Two Men Arrested for Opening 7,000 Credit Cards and Fraudulently Earning 790M Points

credit card fraud

Two Men Arrested for Opening 7,000 Credit Cards and Fraudulently Earning 790M Points

A grand jury has indicted two men, one from Ocean County, New Jersey, and the other from Utah, with carrying out a fraudulent scheme to obtain credit cards in the names of third parties, make purchases on the cards to generate rewards points, monetize the points, and cancel the purchases.

The timeline of this case, which involves accounts between 2014 and 2016, is in line with the creation of the RAT team. The whole case can give you a perspective on the types of fraud that credit card companies might have to deal with and reasons for some of their policies.

The Scheme

The two men, Aharon Lev and Timothy Gibson, were involved in recruiting individuals to give him their personal information, such as names and Social Security numbers, which were used to open numerous small-business accounts in their names with the victim credit card company. The credit card company seems to be American Express. The recruited individuals were paid a flat fee for every account that was opened in their name.

The credit cards were used to make purchases that generated rewards points, which could be redeemed for frequent-flyer miles with various airlines. Once the points were issued, Lev cancelled the purchases and sold the points to Gibson, who resold them to third parties for use as miles to purchase airfare. They also often closed account before they accrued annual fees or other expenses.

Lev and his associates concealed from the recruited individuals that their employment and income would be falsified in applications, that their personal information would be used in conjunction with false information to sometimes open as many as 99 accounts and that most purchases made with the credit card opened in their names would be canceled, rather than paid for.

The two individuals even talked about putting some “real spend” on the cards so the credit card issuer wouldn’t claw back the points. But Lev assured Gibson that “as long as we use the points fast, real spend is not an issue.” One way to use the points fast, was to expedite the posting of points in the account. They would do this by calling the company, posing as the cardholder, and asking for points to be posted before payment was due since they needed to use them to pay for honeymoons or some other important events.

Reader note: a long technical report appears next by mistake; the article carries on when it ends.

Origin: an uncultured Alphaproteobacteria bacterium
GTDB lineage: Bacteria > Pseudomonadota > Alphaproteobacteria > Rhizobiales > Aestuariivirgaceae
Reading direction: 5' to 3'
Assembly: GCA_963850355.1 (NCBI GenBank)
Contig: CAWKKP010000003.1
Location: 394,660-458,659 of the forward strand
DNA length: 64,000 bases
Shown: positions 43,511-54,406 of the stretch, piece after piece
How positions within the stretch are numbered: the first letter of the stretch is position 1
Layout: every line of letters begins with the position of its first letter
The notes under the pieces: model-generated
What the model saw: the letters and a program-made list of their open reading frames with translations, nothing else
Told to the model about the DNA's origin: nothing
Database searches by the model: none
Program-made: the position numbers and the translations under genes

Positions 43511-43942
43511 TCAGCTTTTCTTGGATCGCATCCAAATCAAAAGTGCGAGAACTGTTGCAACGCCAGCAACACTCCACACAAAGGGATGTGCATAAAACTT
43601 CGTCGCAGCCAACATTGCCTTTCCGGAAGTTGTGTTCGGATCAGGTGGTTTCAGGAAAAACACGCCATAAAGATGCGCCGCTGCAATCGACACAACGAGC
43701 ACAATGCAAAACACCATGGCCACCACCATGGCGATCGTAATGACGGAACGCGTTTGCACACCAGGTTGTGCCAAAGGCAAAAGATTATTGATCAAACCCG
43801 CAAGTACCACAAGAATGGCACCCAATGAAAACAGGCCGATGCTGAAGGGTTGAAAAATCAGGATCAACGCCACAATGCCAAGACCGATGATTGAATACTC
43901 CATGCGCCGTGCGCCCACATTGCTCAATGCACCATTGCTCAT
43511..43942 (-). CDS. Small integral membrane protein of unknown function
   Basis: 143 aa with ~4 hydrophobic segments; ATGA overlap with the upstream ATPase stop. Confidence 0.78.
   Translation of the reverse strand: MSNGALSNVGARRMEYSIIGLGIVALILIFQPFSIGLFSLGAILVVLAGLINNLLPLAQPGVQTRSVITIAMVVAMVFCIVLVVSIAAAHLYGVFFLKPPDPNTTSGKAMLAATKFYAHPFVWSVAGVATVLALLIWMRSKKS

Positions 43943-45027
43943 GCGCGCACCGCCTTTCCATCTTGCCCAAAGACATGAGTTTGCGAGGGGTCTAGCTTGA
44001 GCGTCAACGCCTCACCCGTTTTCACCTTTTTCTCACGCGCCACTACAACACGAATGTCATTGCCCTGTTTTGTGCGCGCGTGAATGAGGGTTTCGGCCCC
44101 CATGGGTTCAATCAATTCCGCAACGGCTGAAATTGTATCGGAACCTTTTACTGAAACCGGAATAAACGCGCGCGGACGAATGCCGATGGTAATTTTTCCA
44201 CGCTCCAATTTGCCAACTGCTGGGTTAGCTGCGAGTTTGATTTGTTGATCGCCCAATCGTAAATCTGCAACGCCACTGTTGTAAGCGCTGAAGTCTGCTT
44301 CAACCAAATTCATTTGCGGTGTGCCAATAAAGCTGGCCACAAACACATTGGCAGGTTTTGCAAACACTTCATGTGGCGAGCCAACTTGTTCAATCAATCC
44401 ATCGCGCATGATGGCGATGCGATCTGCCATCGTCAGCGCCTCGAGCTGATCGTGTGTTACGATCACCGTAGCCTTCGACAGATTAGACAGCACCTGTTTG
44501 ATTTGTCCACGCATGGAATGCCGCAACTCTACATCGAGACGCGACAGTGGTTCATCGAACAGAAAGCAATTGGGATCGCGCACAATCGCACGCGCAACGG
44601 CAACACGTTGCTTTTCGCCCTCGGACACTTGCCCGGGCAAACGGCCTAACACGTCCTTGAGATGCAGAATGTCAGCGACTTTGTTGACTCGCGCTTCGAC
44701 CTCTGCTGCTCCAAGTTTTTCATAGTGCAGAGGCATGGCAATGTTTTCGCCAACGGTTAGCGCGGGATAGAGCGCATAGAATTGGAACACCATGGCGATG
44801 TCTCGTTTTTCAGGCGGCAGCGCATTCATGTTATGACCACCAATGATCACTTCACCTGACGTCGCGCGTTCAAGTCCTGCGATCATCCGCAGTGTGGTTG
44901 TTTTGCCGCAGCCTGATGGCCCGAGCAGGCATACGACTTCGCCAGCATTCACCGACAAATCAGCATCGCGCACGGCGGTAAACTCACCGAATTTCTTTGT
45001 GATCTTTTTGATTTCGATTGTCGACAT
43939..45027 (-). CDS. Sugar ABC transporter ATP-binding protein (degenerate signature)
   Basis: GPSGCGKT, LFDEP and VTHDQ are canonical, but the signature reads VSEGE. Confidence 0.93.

$8M Damage and 790M Points

Over two years, from 2014 to 2016, the scheme cost the credit card company more than $8 million in fees paid to the airlines for acceptance of points for miles. Aharon Lev opened in total more than 7,000 credit card accounts. in the names of more than 1,500 people. These activities resulted in 790 million Membership rewards points.

You can read the full indictment details here.

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14 thoughts on “Two Men Arrested for Opening 7,000 Credit Cards and Fraudulently Earning 790M Points”

  1. The craziest part in all this for me is that they found 1500 people willing to give them their personal information and let them open all kinds of accounts in their names. I’m sure they have opened other non-Amex accounts also.

  2. Pingback: Covid-19 Superspreading Events, Faroe Islands, Oil Trading, Police Killings - TravelBloggerBuzz

  3. AMEX is to be blamed , AMEX Corp structure is all based on greed & they blind themselves , knowingly to these “Frauds” until they are brought out publicly

  4. These guys are the reason that we all suffer and why amex and other banks have all these rules in place. There’s many illegal things going on here. Stop defending criminals.

  5. So what is the illegal part here exactly? They had permission to open the cards and didn’t steal anyone’s identity. Then everything else was based on the Amex’s own rules. This is more a testimony to the shortcomings of Amex and their rules and security to prevent this kind of thing. Do they expect us to call and tell them that we returned an item and remind them to take back the MR points they gave us?

    1. Exactly…What is the “illegal part” here!
      Using terms like, “Wire Fraud” makes it appear like a “real” “illegal” transaction took place.

      Bottom line about indictments…you can indict a ham sandwich but that does not mean you’re going to get an actual “conviction” at a trial.

      Bottom line is this…AMEX is big! Bigger than you or I…and they are using their power and connections and using the Federal Govt judicial system to go after people who beat AMEX at their own game.

      Oh, I wish I could be a juror on this case…While I may already have a preconceived bias against AMEX…I’d def. would have to be fully convinced by Fed prosecutors that these guys did something illegal, Way BEYOND a reasonable doubt, in order to convict. I’d be the juror holding out as the Gov’t did not make their case…and it would end in a mis-trial or I’d be the star of my own, “12 Angry Men”

      1. They had permission to open the accounts. They didn’t steal anyone’s personal information.

        And you’re saying that if I apply for a job and “inflate” my salary at previous job in the application I’m committing fraud and should go to jail?

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